They said you could hear Buster's ankle snap during a botched take on The Electric House, which made me appreciate having gone a life (so far) of not witnessing someone's bones break, let alone my own. The sight (and sound) had to be unnerving, though I guess Keaton's crew was used to it. He got hurt a lot and persevered ... what other choice was there? I wonder if Joe Schenck ever tried getting insurance on Buster. Follow-up to the fracture was The Playhouse, a short that managed being even more inventive to cover the fact BK wasn't as much physically engaged. We might thank a busted ankle for his brilliant all-the-cast-is-Keaton dream opening, or the scarily accurate chimpanzee he impersonates a reel later (supernatural Buster again). Did Chaplin build The Gold Rush's chicken act on what he'd seen in The Playhouse?
Kino's much upgraded print comes to The Playhouse's rescue. This one looked particularly bad in collecting yore. Previous DVD release Industrial Strength Buster had access to vintage 16mm that was better, and now Blu-Ray ties a ribbon on what I guess is the clearest Playhouse we'll ever see. Upgrades like these, steps up a ladder, can lead to new-found status for a comedy we'd known too long in compromised form. For finally seeing The Playhouse so buffed and presentable, I can finally place it at or near top echelons of Keaton. If such altered rankings can come of better prints showing up, plus goosed resolution as here, maybe it's time to revisit Best Of Buster lists and revise a few placements.
Trades called One Week "The Year's Comedy Sensation," which makes me ask what the previous (and following) year's comedy sensations might have been. What did it take for a single two-reeler, out of hundreds released per annum, to break out of the pack? I do know from theatre ads that Shoulder Arms was considered gold standard for laugh-making, a repute it maintained for over a decade past the teens when first released. Something about One Week clicked, the roaring reception being what Keaton needed to launch his one-man craft. Distributing Metro sold BK like features, and presumably got rentals not far short of what longer forms earned. I can understand reluctance to use him in multi-reelers. These shorts, and Keaton was prolific getting them out, could prop up a whole season's slate of duds. Trade ads here (and certainly the theatre front display for The Scarecrow in Part One) confirm Keaton's two-reelers were tails wagging many a dog for his distributor.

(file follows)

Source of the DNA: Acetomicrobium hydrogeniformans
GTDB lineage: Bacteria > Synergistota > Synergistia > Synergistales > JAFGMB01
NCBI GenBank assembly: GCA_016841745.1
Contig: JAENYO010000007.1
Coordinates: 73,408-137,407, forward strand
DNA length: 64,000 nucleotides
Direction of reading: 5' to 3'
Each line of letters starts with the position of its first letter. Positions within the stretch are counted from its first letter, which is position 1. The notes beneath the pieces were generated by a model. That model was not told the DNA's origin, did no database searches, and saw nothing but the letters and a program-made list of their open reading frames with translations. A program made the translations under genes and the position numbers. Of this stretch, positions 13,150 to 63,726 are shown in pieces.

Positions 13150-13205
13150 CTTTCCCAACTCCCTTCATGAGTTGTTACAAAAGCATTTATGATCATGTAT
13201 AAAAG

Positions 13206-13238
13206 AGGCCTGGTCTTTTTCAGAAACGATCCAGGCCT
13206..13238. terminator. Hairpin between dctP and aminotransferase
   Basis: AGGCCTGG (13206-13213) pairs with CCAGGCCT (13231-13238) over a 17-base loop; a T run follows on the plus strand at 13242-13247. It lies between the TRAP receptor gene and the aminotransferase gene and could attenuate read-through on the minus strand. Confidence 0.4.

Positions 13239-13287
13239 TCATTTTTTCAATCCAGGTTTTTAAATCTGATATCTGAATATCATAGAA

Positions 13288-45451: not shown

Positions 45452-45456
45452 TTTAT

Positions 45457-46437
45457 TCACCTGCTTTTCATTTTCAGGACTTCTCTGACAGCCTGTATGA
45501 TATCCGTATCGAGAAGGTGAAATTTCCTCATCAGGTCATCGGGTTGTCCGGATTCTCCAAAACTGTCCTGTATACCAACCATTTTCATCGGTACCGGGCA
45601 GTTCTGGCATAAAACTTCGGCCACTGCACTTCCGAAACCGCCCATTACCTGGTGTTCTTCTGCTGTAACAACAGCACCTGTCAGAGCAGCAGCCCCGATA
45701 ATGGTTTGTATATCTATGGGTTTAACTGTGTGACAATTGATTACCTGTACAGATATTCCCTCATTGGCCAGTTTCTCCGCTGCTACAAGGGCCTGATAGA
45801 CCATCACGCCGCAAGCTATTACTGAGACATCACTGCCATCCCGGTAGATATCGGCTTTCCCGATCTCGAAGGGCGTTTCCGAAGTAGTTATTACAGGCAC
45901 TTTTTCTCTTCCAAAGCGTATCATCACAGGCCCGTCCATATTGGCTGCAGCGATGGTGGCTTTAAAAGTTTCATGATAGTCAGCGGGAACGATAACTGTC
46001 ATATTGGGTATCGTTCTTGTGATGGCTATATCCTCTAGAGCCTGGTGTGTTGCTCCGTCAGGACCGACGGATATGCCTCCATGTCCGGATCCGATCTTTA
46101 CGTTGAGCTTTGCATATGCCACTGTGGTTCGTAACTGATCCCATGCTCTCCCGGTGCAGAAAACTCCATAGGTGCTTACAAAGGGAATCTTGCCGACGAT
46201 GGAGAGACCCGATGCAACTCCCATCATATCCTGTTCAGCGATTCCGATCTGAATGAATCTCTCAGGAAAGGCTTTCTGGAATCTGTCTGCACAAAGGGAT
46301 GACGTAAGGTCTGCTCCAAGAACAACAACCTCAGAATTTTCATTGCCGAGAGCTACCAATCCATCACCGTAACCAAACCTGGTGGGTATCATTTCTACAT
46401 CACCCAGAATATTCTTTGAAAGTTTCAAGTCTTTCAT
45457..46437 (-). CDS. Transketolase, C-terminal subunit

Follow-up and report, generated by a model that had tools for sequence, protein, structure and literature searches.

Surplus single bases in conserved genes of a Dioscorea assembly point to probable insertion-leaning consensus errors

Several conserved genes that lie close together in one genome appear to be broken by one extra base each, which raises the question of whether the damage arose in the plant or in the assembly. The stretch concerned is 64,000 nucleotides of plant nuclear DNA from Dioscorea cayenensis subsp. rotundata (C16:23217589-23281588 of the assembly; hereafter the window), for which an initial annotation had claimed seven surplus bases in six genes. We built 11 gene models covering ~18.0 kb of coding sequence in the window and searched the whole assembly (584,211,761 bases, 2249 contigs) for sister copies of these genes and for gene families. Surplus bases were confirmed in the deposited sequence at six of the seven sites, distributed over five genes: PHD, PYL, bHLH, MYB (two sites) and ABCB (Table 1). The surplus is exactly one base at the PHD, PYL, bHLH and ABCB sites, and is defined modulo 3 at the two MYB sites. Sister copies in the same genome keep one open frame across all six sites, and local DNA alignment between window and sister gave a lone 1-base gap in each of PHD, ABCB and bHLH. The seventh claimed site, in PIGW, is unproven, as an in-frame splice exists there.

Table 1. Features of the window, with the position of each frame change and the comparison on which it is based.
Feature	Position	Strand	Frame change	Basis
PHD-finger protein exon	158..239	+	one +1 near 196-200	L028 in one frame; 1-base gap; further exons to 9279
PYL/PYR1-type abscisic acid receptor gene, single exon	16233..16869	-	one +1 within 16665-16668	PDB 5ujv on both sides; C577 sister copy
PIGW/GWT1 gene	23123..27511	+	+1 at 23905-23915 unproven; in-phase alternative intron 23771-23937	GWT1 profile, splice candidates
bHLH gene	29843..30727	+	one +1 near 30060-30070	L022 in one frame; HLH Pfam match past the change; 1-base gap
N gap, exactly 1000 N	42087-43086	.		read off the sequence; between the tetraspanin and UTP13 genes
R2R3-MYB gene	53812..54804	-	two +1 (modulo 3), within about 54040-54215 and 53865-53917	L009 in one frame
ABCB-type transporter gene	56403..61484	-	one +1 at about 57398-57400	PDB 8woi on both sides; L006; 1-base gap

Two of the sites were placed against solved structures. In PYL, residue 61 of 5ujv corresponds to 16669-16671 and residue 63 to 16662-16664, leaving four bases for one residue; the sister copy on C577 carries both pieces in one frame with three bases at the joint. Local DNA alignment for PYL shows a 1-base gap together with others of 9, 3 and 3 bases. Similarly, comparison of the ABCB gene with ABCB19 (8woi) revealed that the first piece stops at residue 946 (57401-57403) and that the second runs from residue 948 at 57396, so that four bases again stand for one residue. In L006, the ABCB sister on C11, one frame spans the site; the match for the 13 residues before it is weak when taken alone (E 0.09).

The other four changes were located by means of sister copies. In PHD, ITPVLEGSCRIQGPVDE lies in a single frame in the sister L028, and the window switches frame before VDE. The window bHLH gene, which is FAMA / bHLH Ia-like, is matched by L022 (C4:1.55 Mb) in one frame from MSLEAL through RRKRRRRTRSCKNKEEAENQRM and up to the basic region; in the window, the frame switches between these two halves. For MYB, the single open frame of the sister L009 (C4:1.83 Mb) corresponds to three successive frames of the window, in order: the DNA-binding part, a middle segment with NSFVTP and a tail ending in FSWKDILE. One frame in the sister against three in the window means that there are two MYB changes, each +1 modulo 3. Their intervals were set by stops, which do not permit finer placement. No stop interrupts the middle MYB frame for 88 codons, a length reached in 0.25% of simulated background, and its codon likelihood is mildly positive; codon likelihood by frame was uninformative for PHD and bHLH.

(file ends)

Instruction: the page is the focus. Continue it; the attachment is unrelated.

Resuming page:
I've read that Buster got 25% of profits from his shorts. Did he trust Joe Schenck and Metro as to accounting? I suspect so. Schenck seems to have been like a father, or at the least big brother, to BK, much as Roscoe Arbuckle had been. Keaton trusted his friends, and neither of these appear to have cheated him. Maybe the comedies made such piles of cash for all concerned to swim in gravy. Times were obviously good if Keaton could afford giving Arbuckle a cut after Roscoe was kicked out of movies (was there industry precedent, before or since, for such generosity?). Investing partners in the BK venture included both Schenck brothers, Marcus Loew, banking tyro A.P. Giannini, and Irving Berlin. Talk about heads of the five families! They had "stockholder meetings" over weekends in
To answer the key question here --- should you upgrade from earlier Kino DVD releases? Big yes, emphatic yes. I compared most of the Blu-Ray with old versions. No contest ... they're like different shows altogether ... darkness into light. The only way we'll improve on these is if someone comes across better pre-print on Hard Luck, Convict 13, the missing parts of Day Dreams ... whatever remains on the Keaton wish list. I'd almost expect that to happen at current rate of thought-lost stuff turning up.
More Buster Keaton at Greenbriar Archives: Keaton Misses Grand Hotel, Le Roi des Champs-Elysees, The General, Best Keaton Book I've Read, They Dood It Twice (Spite Marriage), The Night It Came Together (Sherlock Jr.), and Keaton Columbia Comedies.